Session 9

Estrogen receptors: their involvement in endocrine resistance and dormancy



ER mutations in breast cancer

Steffi Oesterreich

Constitutively active estrogen receptor- α (ER/ESR1) mutations have been identified in one third of ER+ metastatic breast cancer. Although these mutations are known mediators of endocrine resistance, their potential role in directly promoting metastatic disease has not yet been mechanistically addressed in greater detail. In this talk, I will present data supporting the idea that ESR1 mutations play critical roles in a number of metastatic processes, in an allele- and context-dependent manner.

Targeting dormancy in ER+ breast cancer

Todd Miller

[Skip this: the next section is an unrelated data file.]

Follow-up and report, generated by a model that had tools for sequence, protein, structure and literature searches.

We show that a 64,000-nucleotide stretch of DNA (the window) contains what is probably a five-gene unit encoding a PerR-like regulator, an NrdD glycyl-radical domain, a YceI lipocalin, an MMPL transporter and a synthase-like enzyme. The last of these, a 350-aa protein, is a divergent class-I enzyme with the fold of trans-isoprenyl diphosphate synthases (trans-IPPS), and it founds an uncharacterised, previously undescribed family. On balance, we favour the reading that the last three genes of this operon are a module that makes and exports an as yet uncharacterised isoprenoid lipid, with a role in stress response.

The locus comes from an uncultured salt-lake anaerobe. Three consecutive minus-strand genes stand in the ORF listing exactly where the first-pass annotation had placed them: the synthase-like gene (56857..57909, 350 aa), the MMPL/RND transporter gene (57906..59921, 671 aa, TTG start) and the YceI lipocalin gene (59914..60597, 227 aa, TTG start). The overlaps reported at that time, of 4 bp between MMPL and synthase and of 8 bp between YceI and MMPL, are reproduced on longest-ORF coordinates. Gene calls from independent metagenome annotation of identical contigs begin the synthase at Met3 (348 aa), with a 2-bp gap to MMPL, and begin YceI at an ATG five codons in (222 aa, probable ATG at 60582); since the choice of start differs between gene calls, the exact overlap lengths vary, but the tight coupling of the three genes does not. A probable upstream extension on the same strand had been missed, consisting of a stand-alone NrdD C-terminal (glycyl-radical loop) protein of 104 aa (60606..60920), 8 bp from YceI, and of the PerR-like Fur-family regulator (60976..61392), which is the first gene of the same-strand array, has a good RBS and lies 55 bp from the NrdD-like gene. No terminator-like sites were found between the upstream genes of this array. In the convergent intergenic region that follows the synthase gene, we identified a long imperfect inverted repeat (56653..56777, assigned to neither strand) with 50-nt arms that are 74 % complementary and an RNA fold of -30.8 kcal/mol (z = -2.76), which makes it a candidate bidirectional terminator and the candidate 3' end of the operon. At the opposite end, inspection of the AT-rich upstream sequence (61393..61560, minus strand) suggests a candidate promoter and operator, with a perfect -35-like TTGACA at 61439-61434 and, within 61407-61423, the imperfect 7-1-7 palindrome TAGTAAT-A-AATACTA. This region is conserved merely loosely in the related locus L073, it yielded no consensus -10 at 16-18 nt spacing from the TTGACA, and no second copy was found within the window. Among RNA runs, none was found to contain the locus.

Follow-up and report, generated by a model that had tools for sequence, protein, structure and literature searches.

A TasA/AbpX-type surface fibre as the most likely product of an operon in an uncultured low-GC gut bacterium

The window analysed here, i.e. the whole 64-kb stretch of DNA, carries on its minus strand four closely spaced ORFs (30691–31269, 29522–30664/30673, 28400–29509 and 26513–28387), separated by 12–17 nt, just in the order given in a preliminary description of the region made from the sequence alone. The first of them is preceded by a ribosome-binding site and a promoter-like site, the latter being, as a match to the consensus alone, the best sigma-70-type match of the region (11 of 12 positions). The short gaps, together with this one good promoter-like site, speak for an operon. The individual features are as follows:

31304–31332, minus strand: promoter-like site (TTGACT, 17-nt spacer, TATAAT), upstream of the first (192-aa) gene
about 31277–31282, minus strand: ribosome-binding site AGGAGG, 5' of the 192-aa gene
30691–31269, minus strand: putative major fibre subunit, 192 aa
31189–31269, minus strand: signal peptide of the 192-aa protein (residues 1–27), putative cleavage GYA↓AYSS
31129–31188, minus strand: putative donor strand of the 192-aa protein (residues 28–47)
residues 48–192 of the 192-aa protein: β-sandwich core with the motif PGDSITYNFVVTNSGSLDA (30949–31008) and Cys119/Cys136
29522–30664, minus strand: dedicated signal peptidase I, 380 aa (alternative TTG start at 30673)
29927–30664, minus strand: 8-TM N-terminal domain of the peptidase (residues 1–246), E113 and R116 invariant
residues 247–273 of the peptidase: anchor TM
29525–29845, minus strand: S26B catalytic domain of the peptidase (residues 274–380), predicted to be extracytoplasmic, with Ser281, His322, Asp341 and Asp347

Anti-cancer drug treatments often do not completely eradicate all cancer cells in the body, leaving behind dormant cancer cells that can ultimately develop drug resistance to give rise to recurrent disease. ER+/HER2- breast cancer is a disease in which dormancy is highly relevant: roughly 1/3 of patients (~400,000 women every year worldwide) with early-stage disease treated with surgical resection and adjuvant endocrine therapy eventually experience disease recurrence. Recurrences of ER+ breast cancer occur over a long time frame (>20 years), suggesting that cancer cells can undergo prolonged periods of dormancy. Therapeutics that either maintain cancer cells in a dormant state or eradicate them would prevent cancer recurrence. We developed preclinical models of dormancy in ER+ breast cancer through estrogen deprivation, which occurs in patients treated with aromatase inhibitors as endocrine therapy. Such dormant breast cancer cells exhibit increased AMPK activation and mitochondrial respiration driven by fatty acid beta-oxidation. Pharmacological inhibition of beta-oxidation decreased dormant cancer cell burden in mice. However, pharmacological activation of AMPK or consumption of a high-fat diet blunted the anti-tumor effects of estrogen deprivation, leading to increased dormant BC cell burden. The metabolic features of dormant cancer cells may be exploited to develop improved treatments that would prevent disease recurrence.